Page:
But hey, a DMS typically comes with a default application and user interface, no? Yes, that’s true. But the default application for a DMS only covers a very limited use case — typically project collaboration, such as in MS SharePoint and Alfresco — and it would be quite surprising if all your document management requirements can be efficiently accomplished with it. Just think about GrowBig’s need for contract management, where you would typically need to have the system notify you some period before the contract expiry date in order to stop or renew it. This kind of useful business feature would never be offered by default, but would need to be configured based on the platform features in order to get to a powerful contract management application.
How to avoid this mistake?
Develop a Document Management roadmap: identify the document-centric applications for your organization and then prioritize them based on impact and feasibility.
By doing so, the AMPLEXOR consulting team has already revived a number of document management systems after failed first implementations. In such cases, it’s taking a step backwards to move forward again.
Mistake #2: Making things too complex
So a DMS is a platform with a bunch of pre-built document management features. In that sense it is often compared to a Swiss army knife. But a knife can cause dirty wounds when used wrongly, and the same goes for document management systems. Some document management implementations aim to use the available features to the fullest: they define plenty of document types with lots of metadata, develop workflows that span multiple walls and create user interfaces with a dazzling number of options.
In fact, mistake #2 can be considered the opposite of mistake #1: while in #1 the DMS implementation was too simple, in #2 it’s much too complex. Some DMS implementations seem to suppose all users are trained archivists who love categorizing documents.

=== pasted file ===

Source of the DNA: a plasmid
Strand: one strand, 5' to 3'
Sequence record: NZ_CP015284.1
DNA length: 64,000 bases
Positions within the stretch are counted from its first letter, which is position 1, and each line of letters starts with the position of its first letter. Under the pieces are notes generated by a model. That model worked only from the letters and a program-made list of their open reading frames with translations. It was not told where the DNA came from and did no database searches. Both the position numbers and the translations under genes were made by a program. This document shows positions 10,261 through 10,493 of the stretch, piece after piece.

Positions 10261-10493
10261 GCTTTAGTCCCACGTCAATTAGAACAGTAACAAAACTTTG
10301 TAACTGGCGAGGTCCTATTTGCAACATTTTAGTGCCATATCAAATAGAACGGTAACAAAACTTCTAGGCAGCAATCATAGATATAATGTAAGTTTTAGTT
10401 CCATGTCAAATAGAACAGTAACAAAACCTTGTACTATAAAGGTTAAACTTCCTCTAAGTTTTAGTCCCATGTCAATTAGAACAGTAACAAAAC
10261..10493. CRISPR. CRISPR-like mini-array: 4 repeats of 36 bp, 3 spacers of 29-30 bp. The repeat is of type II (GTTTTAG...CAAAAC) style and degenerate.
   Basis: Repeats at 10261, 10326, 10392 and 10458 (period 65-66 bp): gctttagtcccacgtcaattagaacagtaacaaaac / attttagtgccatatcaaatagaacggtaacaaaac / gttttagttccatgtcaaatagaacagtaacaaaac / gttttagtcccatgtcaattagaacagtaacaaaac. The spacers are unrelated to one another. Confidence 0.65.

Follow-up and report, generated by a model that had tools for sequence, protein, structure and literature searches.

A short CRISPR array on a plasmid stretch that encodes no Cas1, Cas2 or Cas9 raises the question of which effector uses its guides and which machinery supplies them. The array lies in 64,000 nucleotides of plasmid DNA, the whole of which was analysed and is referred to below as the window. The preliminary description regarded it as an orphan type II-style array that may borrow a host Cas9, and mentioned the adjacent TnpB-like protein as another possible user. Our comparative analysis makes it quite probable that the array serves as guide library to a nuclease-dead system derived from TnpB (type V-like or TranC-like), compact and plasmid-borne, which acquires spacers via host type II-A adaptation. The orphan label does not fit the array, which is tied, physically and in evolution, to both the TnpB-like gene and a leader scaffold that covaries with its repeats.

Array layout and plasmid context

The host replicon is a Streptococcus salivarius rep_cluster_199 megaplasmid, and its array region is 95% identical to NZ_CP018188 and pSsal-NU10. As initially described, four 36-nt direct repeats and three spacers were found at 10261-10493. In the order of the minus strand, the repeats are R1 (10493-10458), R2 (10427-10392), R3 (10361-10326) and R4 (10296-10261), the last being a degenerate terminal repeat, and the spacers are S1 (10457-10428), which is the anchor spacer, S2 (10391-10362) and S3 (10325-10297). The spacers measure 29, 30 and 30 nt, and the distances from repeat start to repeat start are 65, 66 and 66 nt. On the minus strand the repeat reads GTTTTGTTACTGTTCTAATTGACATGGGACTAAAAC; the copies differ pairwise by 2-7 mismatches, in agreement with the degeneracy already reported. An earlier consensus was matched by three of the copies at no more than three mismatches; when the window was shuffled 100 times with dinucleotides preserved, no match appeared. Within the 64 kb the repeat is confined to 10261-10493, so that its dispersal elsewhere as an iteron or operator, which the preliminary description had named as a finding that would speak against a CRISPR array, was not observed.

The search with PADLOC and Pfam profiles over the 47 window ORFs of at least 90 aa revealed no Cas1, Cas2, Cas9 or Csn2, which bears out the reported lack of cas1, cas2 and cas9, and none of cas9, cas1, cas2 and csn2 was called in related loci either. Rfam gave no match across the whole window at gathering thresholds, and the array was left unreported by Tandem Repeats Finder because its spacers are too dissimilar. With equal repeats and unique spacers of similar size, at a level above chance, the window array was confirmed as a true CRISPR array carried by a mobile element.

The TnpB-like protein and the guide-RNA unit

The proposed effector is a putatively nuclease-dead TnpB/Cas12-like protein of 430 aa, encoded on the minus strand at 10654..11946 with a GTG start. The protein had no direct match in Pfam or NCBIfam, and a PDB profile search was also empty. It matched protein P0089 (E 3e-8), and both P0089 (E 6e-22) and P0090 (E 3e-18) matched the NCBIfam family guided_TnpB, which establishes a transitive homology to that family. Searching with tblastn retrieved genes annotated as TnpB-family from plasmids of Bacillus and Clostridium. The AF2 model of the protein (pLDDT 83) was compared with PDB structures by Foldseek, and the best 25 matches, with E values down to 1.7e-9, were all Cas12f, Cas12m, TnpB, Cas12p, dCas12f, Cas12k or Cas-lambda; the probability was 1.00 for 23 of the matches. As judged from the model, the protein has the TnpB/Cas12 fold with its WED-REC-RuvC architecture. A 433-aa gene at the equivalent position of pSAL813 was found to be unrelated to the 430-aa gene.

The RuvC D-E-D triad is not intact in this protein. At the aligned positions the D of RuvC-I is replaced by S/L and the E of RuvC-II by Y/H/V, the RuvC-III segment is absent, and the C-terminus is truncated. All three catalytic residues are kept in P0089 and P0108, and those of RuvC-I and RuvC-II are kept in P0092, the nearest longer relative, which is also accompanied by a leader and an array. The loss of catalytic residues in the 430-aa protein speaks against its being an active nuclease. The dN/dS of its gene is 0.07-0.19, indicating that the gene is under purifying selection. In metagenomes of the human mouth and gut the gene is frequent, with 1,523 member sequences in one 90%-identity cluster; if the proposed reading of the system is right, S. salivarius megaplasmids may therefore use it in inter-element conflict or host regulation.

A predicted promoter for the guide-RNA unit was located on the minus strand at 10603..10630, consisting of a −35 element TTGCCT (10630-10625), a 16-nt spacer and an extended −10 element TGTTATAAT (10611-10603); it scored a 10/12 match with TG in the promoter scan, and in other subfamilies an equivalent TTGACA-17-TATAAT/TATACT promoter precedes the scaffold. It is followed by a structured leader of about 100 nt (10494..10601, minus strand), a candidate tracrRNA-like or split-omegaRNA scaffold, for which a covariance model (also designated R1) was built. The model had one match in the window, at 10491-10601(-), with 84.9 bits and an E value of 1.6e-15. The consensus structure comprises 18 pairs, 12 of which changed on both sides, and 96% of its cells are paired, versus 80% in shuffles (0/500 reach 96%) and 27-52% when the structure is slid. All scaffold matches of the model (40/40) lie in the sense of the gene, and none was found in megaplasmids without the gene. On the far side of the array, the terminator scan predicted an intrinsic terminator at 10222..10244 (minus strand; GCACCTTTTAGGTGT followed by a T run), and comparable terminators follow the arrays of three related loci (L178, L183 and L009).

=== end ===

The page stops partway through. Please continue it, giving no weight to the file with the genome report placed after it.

But in fact 99% of employees just want to get their work done and are not interested in filling metadata or handling workflow tasks if there’s no added value for them. So let’s hope John’s consultant is aware of that, and was experienced enough to avoid useless complexity.
How to avoid this mistake?
Strike the right balance between simple and complex.
This requires expertise from the business analyst: knowing when to stop squeezing in that extra function or button. A track record in past DM implementations, knowledge of user experience design and some technical background create the perfect mix in this case.
Mistake #3: Forgetting about change management
So often preached and so rarely performed: change management.
A DMS implementation often touches a large portion, if not all, of your employees. To make things worse: there's nothing simpler for your employees than dragging and dropping document on a file share (even if that leads to chaos in the long term). Both facts make change management essential. No matter how well-designed the document-centric application was, I’ve rarely seen success without true change management. If we return to John’s DMS woes, this was probably his main mistake. If you don’t involve employees, they will most probably stay with what they’re used to: the file server.
How to avoid this mistake?
Just do it.
Organize that change management, not just by providing some end-user trainings but by involving end-users from start to finish. Explain the plans to them, involve them in the analysis phase, have them test the implementation after each sprint and show them the value.